Pop Power

Pop Power

The Shape of Things to Come
Pop Power aims to create a new information society by building on collaboration of industry, government, and academia. Project members cooperate with about 500 companies in technology development, business building, content production, and policy making. The three pillars of the project are: “City”, with activities focused on the development of special zones in urban areas; “Cool”, which explores content such as manga, anime, and music; and “Convergence”, which promotes advances in media convergence, such as digital signage and smart TV.


Ichiya Nakamura / Naoto Kikuchi / Nanako Ishido


  1. 1. Media Convergence

    Digital Signage Consortium, IPDC Forum, AMIO Forum, etc. Projects related to Media Convergence are organized and managed, policy proposals are developed covering technology, business, contents, etc.

  2. 2. Digital Kids

    Planning and implementation of creative workshops for children, arranging and hosting a number of workshops, and promotion of the production, sales and spread of digital textbooks.

  3. 3. Pop Power

    Digital overseas distribution of J-Pop contents, cooperation with the Okinawa National Film festival, and Pop Culture related events for TV and Radio broadcasting are designed, planned and performed.

  4. 4. Borderless Community Unique in the World

    Tokyu Land and KMD “Takeshiba Project”

    A team led by Professor Ichiya Nakamura is working on the “Takeshiba Project” with Tokyu Land, a company that has entered into a 70-year lease for land owned by the Tokyo Metropolitan Government in the Takeshiba, Minato-ku area of Tokyo. The project is part of a larger program dealing with land-use in Tokyo called “Urban Renewal Upgrade Project (Takeshiba District)”. The plan is to create a center for international business focusing on the Japanese content industry, and use it as a platform for better communicating and interacting with other countries.

    The “Contents innovation Program Council” (CiP Council) responsible for formulating and implementing the project held its first planning session in June 2014. Five KMD Master’s students, working under the guidance of Professor Nakamura to build a new platform for urban development, were involved in creating the organization and managing the research and development. Group Leader Atsunori Tanaka from the Urban Development Division at Tokyu Land praised them highly, saying, “They had an extremely high level of drive and were able to move from the Council preparations phase through detailed planning and on to implementation.”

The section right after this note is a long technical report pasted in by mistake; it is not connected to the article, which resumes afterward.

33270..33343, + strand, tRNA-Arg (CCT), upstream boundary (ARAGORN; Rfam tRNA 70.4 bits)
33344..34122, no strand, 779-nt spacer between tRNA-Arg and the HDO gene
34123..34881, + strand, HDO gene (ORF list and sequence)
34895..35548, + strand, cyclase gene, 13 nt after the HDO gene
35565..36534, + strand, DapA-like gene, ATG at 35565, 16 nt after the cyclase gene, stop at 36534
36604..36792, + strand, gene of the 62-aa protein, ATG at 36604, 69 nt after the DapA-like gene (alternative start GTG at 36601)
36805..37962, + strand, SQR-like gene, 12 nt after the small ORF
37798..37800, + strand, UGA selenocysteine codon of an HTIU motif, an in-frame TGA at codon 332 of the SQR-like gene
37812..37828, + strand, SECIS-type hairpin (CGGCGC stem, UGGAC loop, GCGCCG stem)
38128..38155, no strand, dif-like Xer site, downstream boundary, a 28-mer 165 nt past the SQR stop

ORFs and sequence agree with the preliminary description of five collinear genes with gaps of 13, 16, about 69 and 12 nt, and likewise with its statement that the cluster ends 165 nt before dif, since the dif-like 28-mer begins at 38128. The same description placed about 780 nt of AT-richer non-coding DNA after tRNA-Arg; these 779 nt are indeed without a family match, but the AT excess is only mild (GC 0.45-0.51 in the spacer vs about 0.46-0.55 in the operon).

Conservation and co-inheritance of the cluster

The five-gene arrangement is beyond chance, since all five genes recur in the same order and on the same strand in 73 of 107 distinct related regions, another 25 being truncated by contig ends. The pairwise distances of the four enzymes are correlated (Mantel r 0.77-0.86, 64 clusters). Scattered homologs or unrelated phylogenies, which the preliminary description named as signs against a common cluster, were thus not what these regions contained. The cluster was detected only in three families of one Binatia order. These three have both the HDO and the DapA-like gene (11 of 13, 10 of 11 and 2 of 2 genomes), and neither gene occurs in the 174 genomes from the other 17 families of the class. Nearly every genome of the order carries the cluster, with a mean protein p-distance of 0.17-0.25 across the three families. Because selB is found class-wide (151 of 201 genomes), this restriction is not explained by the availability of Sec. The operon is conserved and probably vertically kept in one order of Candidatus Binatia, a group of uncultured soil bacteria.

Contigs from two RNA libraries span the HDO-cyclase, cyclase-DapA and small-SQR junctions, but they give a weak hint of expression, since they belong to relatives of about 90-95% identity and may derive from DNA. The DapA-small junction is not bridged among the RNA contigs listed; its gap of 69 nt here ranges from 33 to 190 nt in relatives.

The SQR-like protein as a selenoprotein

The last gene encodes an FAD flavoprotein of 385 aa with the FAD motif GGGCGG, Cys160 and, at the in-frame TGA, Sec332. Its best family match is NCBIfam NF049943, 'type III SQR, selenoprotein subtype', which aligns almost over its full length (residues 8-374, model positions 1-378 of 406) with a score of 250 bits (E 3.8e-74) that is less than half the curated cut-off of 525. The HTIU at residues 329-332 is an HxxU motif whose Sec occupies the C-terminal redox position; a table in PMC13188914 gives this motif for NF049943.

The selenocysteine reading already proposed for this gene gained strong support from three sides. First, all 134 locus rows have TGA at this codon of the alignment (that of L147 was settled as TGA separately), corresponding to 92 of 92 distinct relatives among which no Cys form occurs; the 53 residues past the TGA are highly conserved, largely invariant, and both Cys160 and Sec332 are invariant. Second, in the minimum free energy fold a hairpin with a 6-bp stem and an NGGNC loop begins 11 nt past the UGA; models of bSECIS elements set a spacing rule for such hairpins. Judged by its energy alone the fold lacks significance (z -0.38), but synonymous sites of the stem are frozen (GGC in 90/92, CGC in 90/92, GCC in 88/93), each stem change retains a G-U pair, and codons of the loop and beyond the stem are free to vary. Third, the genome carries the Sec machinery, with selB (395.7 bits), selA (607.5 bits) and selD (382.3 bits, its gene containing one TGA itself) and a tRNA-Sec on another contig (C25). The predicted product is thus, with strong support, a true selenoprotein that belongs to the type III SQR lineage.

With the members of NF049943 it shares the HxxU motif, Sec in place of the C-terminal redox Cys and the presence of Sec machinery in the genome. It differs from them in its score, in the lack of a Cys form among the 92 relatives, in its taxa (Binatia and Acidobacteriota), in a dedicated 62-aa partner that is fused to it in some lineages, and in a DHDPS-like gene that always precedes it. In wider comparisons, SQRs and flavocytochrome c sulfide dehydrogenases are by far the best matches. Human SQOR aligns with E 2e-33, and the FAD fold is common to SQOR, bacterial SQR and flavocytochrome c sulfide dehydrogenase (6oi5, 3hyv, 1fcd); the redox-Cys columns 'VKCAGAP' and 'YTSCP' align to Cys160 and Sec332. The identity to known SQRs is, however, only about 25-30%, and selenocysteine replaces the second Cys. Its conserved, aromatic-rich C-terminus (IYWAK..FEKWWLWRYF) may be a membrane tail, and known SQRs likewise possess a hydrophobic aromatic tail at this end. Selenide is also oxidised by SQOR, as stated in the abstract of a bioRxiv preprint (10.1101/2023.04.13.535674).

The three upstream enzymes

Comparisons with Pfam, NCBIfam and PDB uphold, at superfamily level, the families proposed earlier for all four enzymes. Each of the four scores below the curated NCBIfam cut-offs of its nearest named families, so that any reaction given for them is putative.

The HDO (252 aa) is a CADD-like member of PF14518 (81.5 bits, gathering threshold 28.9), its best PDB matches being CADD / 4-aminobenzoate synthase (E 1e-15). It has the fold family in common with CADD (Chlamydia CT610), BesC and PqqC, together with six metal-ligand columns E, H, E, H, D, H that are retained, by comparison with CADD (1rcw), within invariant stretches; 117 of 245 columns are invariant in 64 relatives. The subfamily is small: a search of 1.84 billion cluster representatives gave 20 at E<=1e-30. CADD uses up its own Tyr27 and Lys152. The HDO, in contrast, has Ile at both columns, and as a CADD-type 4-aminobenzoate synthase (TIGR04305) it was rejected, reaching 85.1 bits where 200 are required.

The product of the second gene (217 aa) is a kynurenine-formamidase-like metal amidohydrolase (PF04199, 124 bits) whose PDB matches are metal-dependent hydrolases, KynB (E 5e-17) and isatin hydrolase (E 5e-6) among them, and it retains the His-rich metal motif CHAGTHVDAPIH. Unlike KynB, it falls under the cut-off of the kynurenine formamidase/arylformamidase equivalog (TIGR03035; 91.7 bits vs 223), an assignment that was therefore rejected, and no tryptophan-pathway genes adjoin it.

The CiP Council’s plan is to begin in April 2015 to create” a place unique in the world” in Takeshiba, a home for the entire span of the content industry, from research and development to human resources development, entrepreneurial support, and business-matchmaking. In addition to providing office space, commercial facilities, serviced apartments, and room-shares, the project will bring in the surrounding neighborhoods to create a “borderless” community.

    As a research and development institution, KMD will serve as the hub and will investigate a number of topics such as “superhuman sports,” “IT policy,” and “the digital signage of the next generation.”

    The Real Project led by Professor Nakamura commits to creating a new business center in Japan that doesn’t exist anywhere else in the world. The building is scheduled for completion in 2019. The area will also host pre-event activities in conjunction with the Tokyo Olympics.

    “KMD is not a place where you are taught, it is a place where you learn and build. You are in a situation where you are working with people in the business world, industry and government to create the next new thing, and, through this experience, you hone your skills. You can develop all the plans you want in your head, but they mean nothing if they are not implemented. We focus on the idea of ‘imagine and realize.’ It’s the ability to bring things through to completion that’s important,” says Professor Nakamura.